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Robert Z. Leonard
An animated adaptation of the classic Victor Hugo novel. A young deformed boy, named Quasimodo, is taken in by the wicked Archdeacon Frollo after the death of his mother, and is turned into... See full summary »
Paris, 1482. Today is the festival of the fools, taking place like each year in the square outside Cathedral Notre Dame. Among jugglers and other entertainers, Esmeralda, a sensuous gypsy, performs a bewitching dance in front of delighted spectators. From up in a tower of the cathedral, Frollo, an alchemist, gazes at her lustfully. Later in the night, Frollo orders Quasimodo, the deformed bell ringer and his faithful servant, to kidnap Esmeralda. But when the ugly freak comes close to her is touched by the young woman's beauty... Written by
Strangely, there has never been a bad film of Victor Hugo's classic tale, and while this is indeed less successful than Laughton, Chaney or Disney's versions, this French effort is still a surprisingly good and much under-rated film. To get the most out of it, you have to bear in mind that Hugo did not write a horror story but a tale of unrequited love and anguish. There is little of the Gothic on show here; rather, everyone is trapped by a desire for what they are denied.
This is much more 'Notre Dame de Paris' (the novel's actual title) than 'The Hunchback of Notre Dame': Quasimodo probably gets less screen time here than in any of the other films, only dominating the drama in the last third. Instead, as with Hugo, it uses the cathedral of Notre Dame as the thread that binds all social stratas - Kings and beggars, thieves and soldiers, gypsies and alchemists, playwrights and aristocrats - giving a vivid portrait of a time and place half imagined, half real.
Quinn is more of a brute than we're used to seeing in our Quasimodos: unlike Laughton, he's no poetic soul trapped in a broken body but an animal who is given an inkling of what it means to be human. Lollabrigida fares better than usual as Esmerelda, and if their relationship is never moving, the ending, for once taken directly from the novel, is genuinely touching.
There are problems: the dubbing is at times irritating (and there is no French-language option on the disc), while Jean Danet is quite the most embarrassing Phoebus imaginable, stilted, impossibly smug and just plain odd-looking. Some key scenes are poorly staged, most notably Quasimodo's rescue of Esmerelda, while the hunchback is not given a strong entrance. But, if you're willing to take a chance and watch it with an open mind, the pleasant surprises outweigh them.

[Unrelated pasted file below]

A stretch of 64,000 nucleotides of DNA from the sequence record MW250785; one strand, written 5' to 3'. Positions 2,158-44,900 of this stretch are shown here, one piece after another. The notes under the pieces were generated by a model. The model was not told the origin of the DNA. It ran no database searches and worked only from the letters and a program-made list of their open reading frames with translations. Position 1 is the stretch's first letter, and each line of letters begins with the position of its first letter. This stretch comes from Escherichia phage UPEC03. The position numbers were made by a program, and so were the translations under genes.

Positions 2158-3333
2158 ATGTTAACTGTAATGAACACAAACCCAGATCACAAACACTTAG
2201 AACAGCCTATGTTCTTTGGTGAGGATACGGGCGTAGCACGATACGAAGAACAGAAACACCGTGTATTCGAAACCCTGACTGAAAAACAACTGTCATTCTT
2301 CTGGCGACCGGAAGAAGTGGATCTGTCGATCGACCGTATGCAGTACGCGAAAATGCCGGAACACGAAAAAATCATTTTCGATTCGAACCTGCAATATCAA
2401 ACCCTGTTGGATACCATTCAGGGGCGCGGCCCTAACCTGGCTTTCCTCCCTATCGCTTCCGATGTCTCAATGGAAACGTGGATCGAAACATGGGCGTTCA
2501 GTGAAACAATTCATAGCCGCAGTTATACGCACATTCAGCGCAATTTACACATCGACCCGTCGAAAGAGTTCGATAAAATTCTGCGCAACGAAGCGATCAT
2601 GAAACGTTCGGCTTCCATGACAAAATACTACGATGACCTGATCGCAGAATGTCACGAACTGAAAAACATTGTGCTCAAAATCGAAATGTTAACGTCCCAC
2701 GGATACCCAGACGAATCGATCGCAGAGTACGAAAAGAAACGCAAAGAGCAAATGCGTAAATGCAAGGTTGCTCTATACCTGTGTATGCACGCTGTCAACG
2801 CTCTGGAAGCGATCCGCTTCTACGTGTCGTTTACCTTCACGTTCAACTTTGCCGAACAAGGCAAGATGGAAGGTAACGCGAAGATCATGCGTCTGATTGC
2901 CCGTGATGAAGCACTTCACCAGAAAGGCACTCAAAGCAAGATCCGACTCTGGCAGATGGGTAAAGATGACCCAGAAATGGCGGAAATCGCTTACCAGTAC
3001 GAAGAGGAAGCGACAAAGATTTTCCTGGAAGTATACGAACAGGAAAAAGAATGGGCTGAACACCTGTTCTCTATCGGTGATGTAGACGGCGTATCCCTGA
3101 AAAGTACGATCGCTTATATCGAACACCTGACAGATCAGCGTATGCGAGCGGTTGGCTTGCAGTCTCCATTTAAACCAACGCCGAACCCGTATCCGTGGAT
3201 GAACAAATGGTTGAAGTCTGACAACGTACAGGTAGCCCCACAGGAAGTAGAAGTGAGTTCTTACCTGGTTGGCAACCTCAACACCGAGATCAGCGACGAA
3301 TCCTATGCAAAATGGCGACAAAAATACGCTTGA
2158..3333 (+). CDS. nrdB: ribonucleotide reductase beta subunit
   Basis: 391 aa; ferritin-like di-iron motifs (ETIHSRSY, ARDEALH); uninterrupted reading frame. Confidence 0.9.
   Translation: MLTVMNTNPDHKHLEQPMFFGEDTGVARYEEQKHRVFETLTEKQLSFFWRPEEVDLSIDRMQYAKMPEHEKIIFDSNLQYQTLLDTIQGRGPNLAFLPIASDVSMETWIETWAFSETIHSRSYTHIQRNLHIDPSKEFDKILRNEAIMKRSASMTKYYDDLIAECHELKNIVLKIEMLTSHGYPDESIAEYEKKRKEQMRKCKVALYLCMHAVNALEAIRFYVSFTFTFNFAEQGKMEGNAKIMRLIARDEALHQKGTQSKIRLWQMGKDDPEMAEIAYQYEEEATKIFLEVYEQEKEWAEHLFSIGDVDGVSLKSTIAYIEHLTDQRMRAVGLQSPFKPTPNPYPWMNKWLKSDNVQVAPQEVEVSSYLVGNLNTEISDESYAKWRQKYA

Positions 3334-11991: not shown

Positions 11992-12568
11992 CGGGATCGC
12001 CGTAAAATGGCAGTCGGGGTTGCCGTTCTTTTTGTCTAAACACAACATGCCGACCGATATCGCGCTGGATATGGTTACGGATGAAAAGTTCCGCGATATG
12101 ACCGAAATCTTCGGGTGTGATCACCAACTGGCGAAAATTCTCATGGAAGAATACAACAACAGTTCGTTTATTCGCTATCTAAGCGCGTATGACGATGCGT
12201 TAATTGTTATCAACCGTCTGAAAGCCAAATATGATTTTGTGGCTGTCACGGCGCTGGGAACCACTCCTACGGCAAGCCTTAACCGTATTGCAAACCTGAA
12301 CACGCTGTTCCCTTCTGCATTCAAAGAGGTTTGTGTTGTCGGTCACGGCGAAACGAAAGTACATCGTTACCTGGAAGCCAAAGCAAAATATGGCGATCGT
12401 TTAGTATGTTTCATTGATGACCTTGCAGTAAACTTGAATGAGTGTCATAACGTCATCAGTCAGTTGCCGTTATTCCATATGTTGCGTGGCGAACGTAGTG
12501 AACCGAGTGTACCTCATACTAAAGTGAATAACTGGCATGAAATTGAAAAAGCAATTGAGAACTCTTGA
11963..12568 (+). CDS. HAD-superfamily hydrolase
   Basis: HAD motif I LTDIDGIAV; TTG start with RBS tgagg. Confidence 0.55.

While not the most lavish version, the scale and colour of the film, particularly in scenes such as the Court of Miracles, gives us a sense of a world around these characters, the addition of CinemaScope and some impressive sets helping to broaden the scale. Delannoy's direction is occasionally imaginative, with a good eye for the Scope frame. The script (co-written by 'Les Enfants du Paradis' Jacques Prevert) is often witty and doesn't shy from the darker tragic tone of the novel. Georges Auric's score, though ill-served by the original sound recording, is also a fine effort.
The Miramax Region 1 DVD transfer is good, with only a few edge enhancement problems, although it seems very slightly cropped in some shots, and the failings of the early CinemaScope lenses does result in an occasional loss of detail in some shots. The DVD even includes one brief torture sequence that has long been cut from many prints, as well as the original theatrical trailer.
Kept out of distribution for years (Disney bought the rights around the time they were working on their version and shelved it), the film has not been able to gain much of a reputation. Indeed, it continues to get short shrift from many critics - 'Time Out's film guide is particularly hostile. But, as they say in Britain, 'Time Out hated it, so it must be good.' And it is - not great, but certainly pretty good.
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